Waddesdon Manor operates as an independent organization within the National Trust
From 2004 to 2006, the Baron's Room and Green Boudoir were restored to reflect Baron Ferdinand's original arrangements.
In 2003 a burglary was committed involving the Johnson Gang
, when approximately 100 gold snuff boxes and other items were stolen from the collection prompting the installation of new security measures.
New works of art have been acquired by the Rothschild Foundation to complement the existing collections at Waddesdon, such as Le Faiseur de Châteaux de Cartes
by Jean-Baptiste-Siméon Chardin
, added in 2007.
Between 2013 and 2017, Bruce Munro
had a residency at Waddesdon Manor, beginning with the musical and light piece Cantus Arcticus
in the Coach House Gallery in 2013. Winter Light
(2013), with its distinctive wigwam type structures sited in the gardens of the Manor, was Munro's first solo exhibition of his large-scale pieces; Winter Light
returned in 2016–2017. In 2014, Munro developed his pod-like structures, adding elements of language in Snow Code
, shown in the Manor. In ...---…SOS
, Munro's winter exhibition of 2015–2016, tents
were lit up in tune with sound, in response to images of disaster relief
The terrace and parterre
garden at Waddesdon Manor, overlooked by the building's south face
Through Destailleur's vision, Waddesdon embodied an eclectic
style based on the châteaux so admired by his patron, Baron Ferdinand. The towers at Waddesdon were based on those of the Château de Maintenon
, and the twin staircase towers
, on the north facade, were inspired by the staircase tower at the Château de Chambord
However, following the theme of unparalleled luxury at Waddesdon, the windows of the towers at Waddesdon were glazed, unlike those of the staircase at Chambord. They are also far more ornate.
The structural design of Waddesdon was not all retrospective. Hidden from view were the most modern innovations of the late 19th century including a steel
frame, which took the strain of walls on the upper floors, which consequently permitted the layout of these floors to differ completely from the lower floors.
The house also had hot and cold running water in its bathrooms, central heating, and an electric bell system to summon the numerous servants. The building contractor was Edward Conder & Son.
After the Manor was completed in 1883, Ferdinand quickly decided it was too small, as his architect had prophesied. The Bachelors' Wing to the east was extended after 1885 and the Morning Room, built in late-Gothic style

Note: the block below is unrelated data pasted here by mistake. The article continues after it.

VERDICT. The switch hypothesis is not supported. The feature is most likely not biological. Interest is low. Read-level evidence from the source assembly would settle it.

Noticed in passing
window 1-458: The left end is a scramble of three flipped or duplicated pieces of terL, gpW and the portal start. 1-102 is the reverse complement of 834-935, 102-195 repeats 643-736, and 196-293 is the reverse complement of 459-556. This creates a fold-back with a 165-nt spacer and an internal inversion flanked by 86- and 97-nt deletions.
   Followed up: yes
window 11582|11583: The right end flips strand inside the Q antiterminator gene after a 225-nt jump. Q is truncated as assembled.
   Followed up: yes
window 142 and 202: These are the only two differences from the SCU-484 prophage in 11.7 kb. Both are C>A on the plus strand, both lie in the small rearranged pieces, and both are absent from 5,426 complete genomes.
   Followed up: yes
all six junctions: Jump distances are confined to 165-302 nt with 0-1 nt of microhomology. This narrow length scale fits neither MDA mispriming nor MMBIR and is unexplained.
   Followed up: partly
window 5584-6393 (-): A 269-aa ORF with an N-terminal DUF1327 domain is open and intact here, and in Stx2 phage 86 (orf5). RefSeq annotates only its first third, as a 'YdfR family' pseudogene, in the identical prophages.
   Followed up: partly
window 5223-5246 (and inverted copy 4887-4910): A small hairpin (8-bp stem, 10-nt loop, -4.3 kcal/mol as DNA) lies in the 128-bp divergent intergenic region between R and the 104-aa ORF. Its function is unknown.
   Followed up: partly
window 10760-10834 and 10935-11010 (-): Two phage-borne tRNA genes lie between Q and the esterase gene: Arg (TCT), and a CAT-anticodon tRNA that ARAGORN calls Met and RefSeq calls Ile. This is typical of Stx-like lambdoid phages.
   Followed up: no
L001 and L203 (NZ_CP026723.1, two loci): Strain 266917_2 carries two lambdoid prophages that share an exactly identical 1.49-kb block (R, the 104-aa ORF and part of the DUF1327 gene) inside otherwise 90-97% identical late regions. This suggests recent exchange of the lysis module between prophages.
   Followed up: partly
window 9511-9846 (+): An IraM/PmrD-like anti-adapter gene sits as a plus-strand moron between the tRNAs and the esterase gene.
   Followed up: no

, was added to the west after 1888.
The stables to the west of the Manor were built in 1884. Ferdinand and his stud groom devised the plan, working with Conder. Destailleur designed the façades in a French 17th-century style.
The Elephant Automaton in the East Gallery
Works were acquired for their exquisite quality and fine provenance, particularly those belonging to French royalty of the Ancien Régime
. One of the highlights of the collection is the extraordinary musical automaton
elephant, dating from 1774 and made by the French clockmaker
Grey Drawing Room with fine 18th-century French panelling and a Sèvres
ship-vase in situ
The restored Smoking Room with Renaissance treasures
In the 1890s, Baron Ferdinand focused on the Renaissance collection for his small museum in the New Smoking Room.
This collection was bequeathed to the British Museum
and is now known as the Waddesdon Bequest
The interior of Waddesdon Manor was photographed in 1897 for Baron Ferdinand's privately published The Red Book
Subsequent members of the family added noted collections of paintings, Limoges enamel
, arms and armour, maiolica
, manuscripts, prints and drawings.
wanted a garden to entertain his guests during his weekend house parties. To make the gardens, extensive landscaping
of the hill was carried out, including leveling the top of the hill. The gardens and landscape park were laid out by the French landscape architect Elie Lainé
. An attempt was made to transplant full-grown trees by chloroforming
their roots, to limit the shock. While this novel idea was unsuccessful, many very large trees were successfully transplanted. Elaborate flower beds were planted, centred on the south Parterre. Several artificial rock formations were created by James Pulham
, including to house mountain goats and llamas, part of Ferdinand's zoo
After her brother's death Alice